|June 23, 2016||Posted by Melinda under Ultra Running|
There is a particular magic in a DNF.
A pull can focus training and efforts in the right direction and result in success the next time.
It can create some of the biggest demons I’ve ever dealt with out on the endurance trail, that impacts events for years to come.
“To Finish is to Win” is the motto of the AERC for good reason – to get to the finish line with a horse judged fit to continue and a rider who at least survived the trail intact enough to choose to keep riding is a significant feat. The multiple welfare checks for our equine partners means that a finish is by no means a sure thing – a rock that was stepped on the wrong way, a branch that wasn’t seen, and old injury rearing its ugly head. It doesn’t matter that the pair could have slowly hobbled to the finish line, you are OUT by the judgement of the control judges. The decision has been made for you.
In running, much more responsibility rests on the individual. With rare exception (such as some big races that do have medical checks for a runner) the choice of whether to pull yourself or trudge on like a drunk one-legged sailor because of that old hamstring injury is up to you. You truly can decide to “Finish is to Win….at all costs” as a runner and pay a very high price.
The price can be so high that when I’m running I believe that a DNF, even if I could have finished, can be a very reasonable choice. Don’t deplete/injury mental and physical capacities beyond what is repairable, so that I can stay healthy and try again sooner rather than later another day.
Here’s the rub. I’m only recently realizing DNF’ing has a cost too. It’s different from a mandated pull. Whether it exceeds the cost of going on is something some times I don’t fully realize until after the event is finished.
Ultrarunning is partly about suffering. Dealing with that suffering on a mental and physical level over time and miles is part of this sport. For someone who hysterically shrieks like a 2 year old not allowed to play with the sharp kitchen noise when the threat of being stung by a winged insect arises and would probably pass out from the panic if forced into a small inescapable space with them, I’m fascinated by the type of pain and suffering that occurs at endurance events. It’s the same part of me that sorta looked forward to child-birth, and when it was all over smiled at the nurse and said “that wasn’t so bad, running a 50 and riding a 100 was much worse” and even though this is absolutely my last child for non-child birth related reasons, sorta wishes I could try my hand at it again (even as my husband looks at me in horror since apparently in his opinion signing up for voluntary pain is nothing short of crazy).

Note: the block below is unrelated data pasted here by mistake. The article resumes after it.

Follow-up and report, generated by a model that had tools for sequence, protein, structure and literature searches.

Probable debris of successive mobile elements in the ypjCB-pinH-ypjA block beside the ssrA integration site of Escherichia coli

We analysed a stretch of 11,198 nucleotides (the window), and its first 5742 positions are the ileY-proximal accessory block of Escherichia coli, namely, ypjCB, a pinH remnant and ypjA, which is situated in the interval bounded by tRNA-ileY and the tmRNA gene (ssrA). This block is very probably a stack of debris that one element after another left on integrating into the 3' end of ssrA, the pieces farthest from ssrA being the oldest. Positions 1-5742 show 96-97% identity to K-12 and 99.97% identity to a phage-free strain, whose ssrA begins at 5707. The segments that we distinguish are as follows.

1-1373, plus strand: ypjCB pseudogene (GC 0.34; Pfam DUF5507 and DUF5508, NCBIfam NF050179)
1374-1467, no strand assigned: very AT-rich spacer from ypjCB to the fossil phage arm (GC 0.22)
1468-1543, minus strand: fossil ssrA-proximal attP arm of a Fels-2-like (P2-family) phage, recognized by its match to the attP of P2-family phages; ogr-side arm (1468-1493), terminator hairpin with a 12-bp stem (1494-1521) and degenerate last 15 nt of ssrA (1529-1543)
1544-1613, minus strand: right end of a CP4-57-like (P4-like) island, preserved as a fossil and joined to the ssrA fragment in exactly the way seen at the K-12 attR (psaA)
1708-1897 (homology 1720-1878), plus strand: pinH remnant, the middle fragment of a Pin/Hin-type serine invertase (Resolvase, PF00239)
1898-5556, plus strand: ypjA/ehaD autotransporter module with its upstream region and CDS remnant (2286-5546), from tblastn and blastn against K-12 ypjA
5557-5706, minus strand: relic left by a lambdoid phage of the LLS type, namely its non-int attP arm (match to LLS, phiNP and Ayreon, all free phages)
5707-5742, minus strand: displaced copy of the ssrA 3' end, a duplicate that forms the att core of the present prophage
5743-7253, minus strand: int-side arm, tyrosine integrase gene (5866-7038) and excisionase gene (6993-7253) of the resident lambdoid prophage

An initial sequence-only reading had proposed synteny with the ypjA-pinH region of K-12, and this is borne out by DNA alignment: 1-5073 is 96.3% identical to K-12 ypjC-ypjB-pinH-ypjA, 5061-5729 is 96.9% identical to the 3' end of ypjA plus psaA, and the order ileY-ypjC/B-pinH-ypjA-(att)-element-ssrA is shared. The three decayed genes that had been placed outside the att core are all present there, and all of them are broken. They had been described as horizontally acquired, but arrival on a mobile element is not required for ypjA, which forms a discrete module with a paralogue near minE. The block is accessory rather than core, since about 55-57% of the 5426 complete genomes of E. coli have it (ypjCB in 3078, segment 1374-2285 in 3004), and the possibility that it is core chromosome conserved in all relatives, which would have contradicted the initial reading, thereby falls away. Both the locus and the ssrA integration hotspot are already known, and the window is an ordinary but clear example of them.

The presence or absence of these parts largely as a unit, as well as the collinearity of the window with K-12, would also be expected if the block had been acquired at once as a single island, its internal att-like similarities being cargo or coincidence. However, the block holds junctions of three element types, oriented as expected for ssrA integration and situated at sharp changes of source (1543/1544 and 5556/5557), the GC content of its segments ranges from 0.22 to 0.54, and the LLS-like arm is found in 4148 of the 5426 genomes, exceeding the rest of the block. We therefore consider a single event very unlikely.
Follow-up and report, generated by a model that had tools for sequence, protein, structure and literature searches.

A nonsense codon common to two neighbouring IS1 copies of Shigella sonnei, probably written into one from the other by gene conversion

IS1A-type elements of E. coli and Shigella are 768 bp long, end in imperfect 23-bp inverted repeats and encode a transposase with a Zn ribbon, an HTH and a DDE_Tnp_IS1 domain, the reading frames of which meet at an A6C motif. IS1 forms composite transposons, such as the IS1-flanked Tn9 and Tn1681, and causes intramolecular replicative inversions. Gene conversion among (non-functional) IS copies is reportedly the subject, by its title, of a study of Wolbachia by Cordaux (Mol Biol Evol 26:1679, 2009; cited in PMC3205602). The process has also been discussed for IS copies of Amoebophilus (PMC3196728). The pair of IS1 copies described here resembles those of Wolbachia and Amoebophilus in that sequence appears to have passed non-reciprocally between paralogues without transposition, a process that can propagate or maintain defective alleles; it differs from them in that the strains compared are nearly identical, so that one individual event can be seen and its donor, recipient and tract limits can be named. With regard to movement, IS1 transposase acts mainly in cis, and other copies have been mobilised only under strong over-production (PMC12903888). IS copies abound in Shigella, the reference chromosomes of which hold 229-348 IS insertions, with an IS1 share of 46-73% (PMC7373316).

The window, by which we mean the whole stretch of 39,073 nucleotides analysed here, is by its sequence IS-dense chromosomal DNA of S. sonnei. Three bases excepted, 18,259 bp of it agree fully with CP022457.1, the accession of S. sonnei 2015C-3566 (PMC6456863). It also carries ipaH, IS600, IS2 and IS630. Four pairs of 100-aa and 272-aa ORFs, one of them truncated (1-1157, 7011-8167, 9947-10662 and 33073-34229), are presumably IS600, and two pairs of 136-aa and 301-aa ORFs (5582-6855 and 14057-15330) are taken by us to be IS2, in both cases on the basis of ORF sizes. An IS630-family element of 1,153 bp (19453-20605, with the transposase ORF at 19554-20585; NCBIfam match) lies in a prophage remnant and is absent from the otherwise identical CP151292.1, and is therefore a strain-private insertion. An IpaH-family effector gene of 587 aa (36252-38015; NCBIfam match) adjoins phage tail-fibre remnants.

The events that I have dealt with the suffering and succeeded in spite of them were and remain very empowering (Tevis 2010, San Fransisco 50 mile ultra).
However, the events that I suffered at and elected to tap out rather than gut to the finish unfortunately are even more powerful.
I’ve come to realized that is the ongoing price of my choice to DNF. The fear that when the going gets tough and I need to dig deep in order to keep moving forward, that I won’t be able to.
The DNF demons I’m dealing with now are Tevis 2013 and Pioneer Spirit 50 2014.
Technically at Tevis 2013 I was pulled because Farley was lame, but in reality I had DNF’ed myself before that happened. The last couple miles into Fransisco’s (85 miles into the ride)I was literally, no joke, wondering if I could just step off a cliff, or at least just lay down at the side of the trail and rest my head on that pile of boulders over there and just sleep. Never mind never doing endurance again – I was absolutely sure it was going to be a cold day in hell before I even rode for pleasure. I was done with horses. Period.
Now, obviously I wasn’t done. I’ve even done another ride or two since then. However I just can’t seem to get excited about another big ride that will test my limits again and make me dig deep. I’m not excited about doing Tevis again. I had the best, freshest-feeling horse at that Tevis than at all previous attempts and I blew it. (She was lame because I had rubbed a hole in her back with the saddle because of poor riding – combination of IT bands and fatigue).
The difference between my pull in 2009 (focused me for 2010, no lasting negative effects) and my mental breakdown non-completion in 2013 somehow feels like the difference between “shit happens and sometimes it isn’t your day” and “when it gets tough I take the easy way out”.
This is despite having the example of Tevis 2010 when I gutted it out for a very tough finish. AND having learned a LOT about the mental aspect of endurance events since this, including how chronic low-level pain (IT bands) and mental work over time (leading the entire 85 miles on our own) absolutely contributes to fatigue and the inability to have the will power to go on. And it was TOTALLY understandably why what happened happened.
I don’t know when I’ll get it together enough to ride Tevis again, but I’m going to attempt to slay the other DNF demons this year – the Pioneer Spirit 50.